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The 5 Must-Haves of Needs Assessment


Wed Jan 17 2024

The 5 Must-Haves of Needs Assessment

Navigating training requests without a needs assessment can feel like steering a ship through heavy fog. Fortunately, creating a focused strategy can help learning and development professionals land on the true business needs.

But crafting an effective needs assessment is hard when time is tight, resources are thin, or you’re a department of one. Sound familiar?


For advice, I spoke with Kelly L. Jones and Jody N. Lumsden (see video), authors of Needs Assessment on a Shoestring, a new book from ATD Press. During our discussion, they shared five key elements L&D pros require for a successful needs assessment strategy.

Know the Primary Problem to Be Solved

According to Lumsden, “Learning and development professionals really need to know what problem they're trying to solve.”

In their book, the authors explain that the problem is the reason for the needs assessment; it represents the issue, challenge, or opportunity to solve. And they recommend working with stakeholders to identify and quantify the problem as early as possible to plan an effective needs assessment.

It’s also important to work on one problem at a time. If multiple problems are identified, collaborate with stakeholders to prioritize each problem.

When pressed for time, the book suggests using “cut to the chase” questions to quickly uncover the root of the problem. Here are a few questions the authors recommend asking stakeholders:

  • What is the most important thing that needs to change?

  • What is currently driving the need for this change?

  • What will happen if we don’t solve the problem?

  • If you could wave a magic wand, what is the one thing you would do to solve this problem?

  • How will you know the problem is solved?

Understand the Business Impact of the Problem

L&D professionals should also ask questions to help them understand how a specific problem affects the business. The book asserts that the business impact informs why the problem is worth solving. Be sure to clarify how this problem is affecting the business performance. This can also help you prioritize solution development.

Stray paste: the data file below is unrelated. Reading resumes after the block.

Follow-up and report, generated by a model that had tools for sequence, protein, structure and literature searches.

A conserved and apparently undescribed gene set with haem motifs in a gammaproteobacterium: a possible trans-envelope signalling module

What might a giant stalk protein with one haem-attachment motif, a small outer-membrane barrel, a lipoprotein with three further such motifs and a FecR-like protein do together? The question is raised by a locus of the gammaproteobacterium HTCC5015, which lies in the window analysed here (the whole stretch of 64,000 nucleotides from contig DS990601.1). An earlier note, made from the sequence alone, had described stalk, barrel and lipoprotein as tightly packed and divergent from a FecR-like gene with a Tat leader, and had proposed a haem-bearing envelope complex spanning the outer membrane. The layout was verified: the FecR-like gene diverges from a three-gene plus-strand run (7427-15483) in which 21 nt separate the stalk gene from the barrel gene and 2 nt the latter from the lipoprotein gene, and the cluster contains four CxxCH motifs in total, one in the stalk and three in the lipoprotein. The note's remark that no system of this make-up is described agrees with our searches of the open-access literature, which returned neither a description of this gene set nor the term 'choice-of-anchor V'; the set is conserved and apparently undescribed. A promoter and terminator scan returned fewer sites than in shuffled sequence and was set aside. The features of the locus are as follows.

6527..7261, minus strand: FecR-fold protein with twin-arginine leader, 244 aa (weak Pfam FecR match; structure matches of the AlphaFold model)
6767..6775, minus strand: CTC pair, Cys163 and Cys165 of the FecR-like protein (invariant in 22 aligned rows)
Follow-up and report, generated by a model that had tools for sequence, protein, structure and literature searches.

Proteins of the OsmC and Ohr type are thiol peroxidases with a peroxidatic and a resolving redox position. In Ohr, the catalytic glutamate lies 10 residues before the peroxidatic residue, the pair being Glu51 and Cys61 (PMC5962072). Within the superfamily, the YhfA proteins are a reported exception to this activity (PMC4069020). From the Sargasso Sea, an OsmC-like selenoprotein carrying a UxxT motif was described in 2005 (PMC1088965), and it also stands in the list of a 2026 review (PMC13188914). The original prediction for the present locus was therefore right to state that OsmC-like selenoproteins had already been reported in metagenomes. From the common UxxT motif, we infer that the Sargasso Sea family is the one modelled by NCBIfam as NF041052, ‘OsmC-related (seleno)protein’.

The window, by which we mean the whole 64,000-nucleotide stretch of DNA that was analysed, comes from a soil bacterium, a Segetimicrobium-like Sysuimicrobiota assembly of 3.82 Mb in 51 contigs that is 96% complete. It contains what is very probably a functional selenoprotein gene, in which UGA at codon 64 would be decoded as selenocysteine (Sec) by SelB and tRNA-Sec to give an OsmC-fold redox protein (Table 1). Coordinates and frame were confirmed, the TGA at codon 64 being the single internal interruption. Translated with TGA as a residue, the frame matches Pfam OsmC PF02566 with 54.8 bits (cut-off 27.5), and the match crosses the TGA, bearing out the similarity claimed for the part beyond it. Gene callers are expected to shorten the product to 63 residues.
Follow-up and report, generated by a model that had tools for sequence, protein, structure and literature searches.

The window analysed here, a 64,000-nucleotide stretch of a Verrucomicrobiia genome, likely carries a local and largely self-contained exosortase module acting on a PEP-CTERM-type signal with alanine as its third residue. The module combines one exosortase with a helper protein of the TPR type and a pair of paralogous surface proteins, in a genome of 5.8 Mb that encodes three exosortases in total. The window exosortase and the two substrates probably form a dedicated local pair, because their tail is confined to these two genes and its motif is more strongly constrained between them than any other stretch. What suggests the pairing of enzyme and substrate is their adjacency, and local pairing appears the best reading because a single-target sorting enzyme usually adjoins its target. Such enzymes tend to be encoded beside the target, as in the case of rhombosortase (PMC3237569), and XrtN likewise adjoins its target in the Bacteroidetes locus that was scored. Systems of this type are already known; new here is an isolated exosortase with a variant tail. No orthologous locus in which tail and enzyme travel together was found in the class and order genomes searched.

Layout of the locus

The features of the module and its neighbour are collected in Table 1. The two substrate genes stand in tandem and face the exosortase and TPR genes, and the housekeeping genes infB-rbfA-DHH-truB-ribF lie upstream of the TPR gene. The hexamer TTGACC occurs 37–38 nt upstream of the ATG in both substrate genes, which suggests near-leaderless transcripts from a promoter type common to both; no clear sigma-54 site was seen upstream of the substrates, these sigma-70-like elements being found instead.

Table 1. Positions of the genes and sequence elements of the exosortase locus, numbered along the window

Recognize the Current State and the Goal State

“Understand where you are today and where you need to go,” reminds Lumsden. Being able to capture the current state and the goal state, which the authors define as “the future results of solving today’s problems,” can help you detect potential gaps, solutions, and timelines.

One way to understand the current state of the problem is to listen to stakeholders rationalize why they need a learning solution. Identifying and quantifying both the current state and goal state is necessary to develop recommendations and evaluate solutions for the needs assessment.

Identify All Stakeholders

Jones and Lumsden note that stakeholders have a vested interest in the needs assessment because they’re the individuals who must solve the problem or they’re the folks who will feel the impact from your needs assessment’s outcome.

The authors believe that knowing who all your stakeholders are is critical for a successful needs assessment. Lumsden adds that that includes stakeholders who are “on the fringe” of the problem.


“The last thing you want is to uncover secret stakeholders and scope creep when you’re tight on resources,” they share.

The book also recommends categorizing stakeholders based on their level of investment, designating them as sponsors, key advisors, collaborators, or partners for clarity. Once L&D pros identify stakeholders, they can work together to determine scope, expectations, and available resources. This process helps address key questions and identify data requirements for conducting a comprehensive needs assessment.

Specify a Research Methodology

For L&D pros, identifying the methodology they will use when conducting the needs assessment can boil down to figuring out potential research questions.

According to Lumsden, “It sounds a bit academic, but you really need to know how in the world you’re going to get this information and where in the organization does it live? Who owns it?”

But to develop essential research questions, first identify the problem, understand its business impact, and know the current state and goal state, Jones and Lumsden advise in the book. Once this is complete, research questions can help define any strategies required for collecting and analyzing data and setting the scope for the needs assessment. Suppose you’re new to writing research questions or don’t have enough information. In that case, the authors recommend asking stakeholders to share the top three things they’d like to know about the problem you’re investigating.

For more on gathering insight through data analysis and putting forward effective solution recommendations, check out Needs Assessment on a Shoestring.

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